European Starling

Sturnus vulgaris
European Starling specimens on display in the exhibit "Birds of D.C."

Common starlings are very good at imitating. Sirens, car alarms, croaking frogs; just name it, they are likely to imitate it. However, that is not the only way they try to impress. Starlings seduce each other with long throat feathers. The males also decorate their nesting holes with flowers, leaves and buds to lure females. You find starlings everywhere. They forage on particularly on pastures and fields, where they pick all kinds of creatures out of the ground. During migration season, you can see enormous groups foraging for food. Fruit trees are also a favorite...

DC Information

Introduced. Common permanent resident, very abundant in winter. Found throughout this area in most habitats, particularly in or near developed areas. Breeds early February to late July. Adults in fresh plumage (late summer) have whitish tips on many of the feathers, giving them a speckled appearance. Spring birds are uniformly dark. The young are brownish.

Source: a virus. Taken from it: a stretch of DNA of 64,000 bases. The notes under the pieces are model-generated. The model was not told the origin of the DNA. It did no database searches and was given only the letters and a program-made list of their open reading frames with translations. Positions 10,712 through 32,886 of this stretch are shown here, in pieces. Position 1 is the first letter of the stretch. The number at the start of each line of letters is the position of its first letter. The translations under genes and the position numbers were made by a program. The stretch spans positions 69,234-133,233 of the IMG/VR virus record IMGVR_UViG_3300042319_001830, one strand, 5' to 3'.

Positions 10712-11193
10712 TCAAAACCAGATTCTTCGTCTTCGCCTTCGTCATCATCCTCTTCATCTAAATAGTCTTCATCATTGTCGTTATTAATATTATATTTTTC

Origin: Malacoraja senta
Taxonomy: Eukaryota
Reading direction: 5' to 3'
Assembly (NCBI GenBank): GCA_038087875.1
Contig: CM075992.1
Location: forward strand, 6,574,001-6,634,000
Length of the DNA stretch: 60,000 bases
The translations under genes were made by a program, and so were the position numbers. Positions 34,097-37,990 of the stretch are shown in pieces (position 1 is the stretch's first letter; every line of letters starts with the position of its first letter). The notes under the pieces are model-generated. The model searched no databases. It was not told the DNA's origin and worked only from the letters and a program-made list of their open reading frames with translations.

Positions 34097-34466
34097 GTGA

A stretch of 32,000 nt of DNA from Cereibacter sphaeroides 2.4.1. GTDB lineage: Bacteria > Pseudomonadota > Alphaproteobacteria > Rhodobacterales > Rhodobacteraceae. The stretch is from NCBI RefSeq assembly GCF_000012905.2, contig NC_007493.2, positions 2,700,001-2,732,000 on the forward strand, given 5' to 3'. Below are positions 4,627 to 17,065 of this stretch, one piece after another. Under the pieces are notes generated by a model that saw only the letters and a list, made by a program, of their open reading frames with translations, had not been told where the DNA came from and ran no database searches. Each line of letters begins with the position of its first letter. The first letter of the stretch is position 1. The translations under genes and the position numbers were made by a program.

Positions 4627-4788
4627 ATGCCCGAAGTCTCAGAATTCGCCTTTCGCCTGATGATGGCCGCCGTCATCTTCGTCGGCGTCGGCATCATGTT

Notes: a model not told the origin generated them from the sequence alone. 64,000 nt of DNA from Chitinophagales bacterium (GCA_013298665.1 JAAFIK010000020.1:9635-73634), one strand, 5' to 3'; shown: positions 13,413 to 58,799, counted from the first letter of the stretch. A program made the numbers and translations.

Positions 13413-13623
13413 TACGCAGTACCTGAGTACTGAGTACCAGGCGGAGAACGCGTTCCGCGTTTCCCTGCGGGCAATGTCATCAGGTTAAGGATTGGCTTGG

Specimen Information

In the exhibit, the two dark speckled birds are adults; the one that is lighter speckled and the one that is lighter without speckles are juveniles.  This image shows one juvenile on the left and an adult on the right.

Distribution Map

distribution map for this species

Bird Vocalizations

Sound from xeno-canto. XC53831 Sturnus vulgaris (Common Starling)

Sound from xeno-canto. XC27153 Sturnus vulgaris (Common Starling)

Sound from xeno-canto. XC27154 Sturnus vulgaris (Common Starling)